[Date Prev][Date Next][Thread Prev][Thread Next][Date Index][Thread Index]


On Fri, Jun 13, 2003 at 06:20:10PM -0700, Avi Bryant wrote:
> It's a bit like asking why someone hasn't come
> up with a punch card syntax for Python - it's possible that you could ease
> adoption for people that were used to programming that way, but would it
> really not be easier just to teach them to use an interactive text editor?

That analogy doesn't fit.

Smalltalk's immersive code browser may be the best invention since fire,
but in ~30 years, the only environments to use it are Smalltalk and its
descendants.  The vast majority of the industry is quite happy to use
1960's era technology to develop software: Lisp's REPL, or files of
source code with text editors, compilers and interpreters.

Although file-oriented software development is "inferior" to interactive
code browser, it's the dominant paradigm for software development -- as
measured by the number of langauges that support it or the number of
developers who use it.  The real issue isn't that the Smalltalk paradigm
is superior and more productive, but that writing source code in text
files isn't fundementally broken as a development model.

Creating a text-based syntax for Smalltalk isn't *anything* like creating
a punch card syntax for Python.  In fact, I could argue that Ruby is a
text-based syntax for Smalltalk programs, and it is in fact becoming quite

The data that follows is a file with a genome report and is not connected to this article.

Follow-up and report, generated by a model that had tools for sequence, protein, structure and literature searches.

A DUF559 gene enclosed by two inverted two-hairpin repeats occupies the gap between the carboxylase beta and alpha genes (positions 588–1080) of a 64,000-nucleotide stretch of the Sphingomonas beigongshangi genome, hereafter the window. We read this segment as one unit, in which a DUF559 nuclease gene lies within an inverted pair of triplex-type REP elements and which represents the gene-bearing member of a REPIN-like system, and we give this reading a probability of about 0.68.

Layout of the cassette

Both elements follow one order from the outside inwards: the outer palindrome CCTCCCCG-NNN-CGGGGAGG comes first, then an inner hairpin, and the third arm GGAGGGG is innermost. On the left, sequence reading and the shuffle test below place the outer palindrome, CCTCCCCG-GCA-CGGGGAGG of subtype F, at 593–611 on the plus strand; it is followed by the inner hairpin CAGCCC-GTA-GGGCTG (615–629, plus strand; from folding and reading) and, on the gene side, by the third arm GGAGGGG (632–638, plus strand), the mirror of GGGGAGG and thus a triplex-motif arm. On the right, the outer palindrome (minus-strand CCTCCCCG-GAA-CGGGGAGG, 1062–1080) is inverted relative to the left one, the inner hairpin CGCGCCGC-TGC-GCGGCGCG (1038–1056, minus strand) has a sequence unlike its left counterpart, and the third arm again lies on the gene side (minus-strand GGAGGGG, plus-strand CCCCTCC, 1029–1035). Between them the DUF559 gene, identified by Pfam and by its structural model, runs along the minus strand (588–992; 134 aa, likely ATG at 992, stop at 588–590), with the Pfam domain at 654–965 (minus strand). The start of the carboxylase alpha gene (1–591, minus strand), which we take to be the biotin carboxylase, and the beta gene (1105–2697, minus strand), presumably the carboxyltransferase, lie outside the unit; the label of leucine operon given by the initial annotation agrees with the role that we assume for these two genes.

> If such a system existed (either punch card input for Python, or text file
> input for Smalltalk), would anyone actually use it for more than a day
> or two before figuring out that there was a better way of doing things?

If the Ruby analogy is valid, the answer is most certainly yes.

While file-based language environments may be inferior to the code browser,
they have certain beneficial side effects.  Batch-oriented software is
both well studied and easy to write -- in terms of compilers,
pre-processors, reusable search utilities, software configuration
management, archiving, aggregation, and so on.

Smalltalk environments may supply all of these features, but they also
bring along extra baggage in the form of system images.  Perhaps most
people avoid Smalltalk and its code browser because it's too foreign and
requires learning how to use the tool (i.e. They are Dumb).  Perhaps they
are avoiding Smalltalk because (1) they're already quite productive with
emacs and batch oriented development, and/or (2) the productivity
differential isn't great enough to justify the time to switch environments
(especially when you can just write a code browser and increase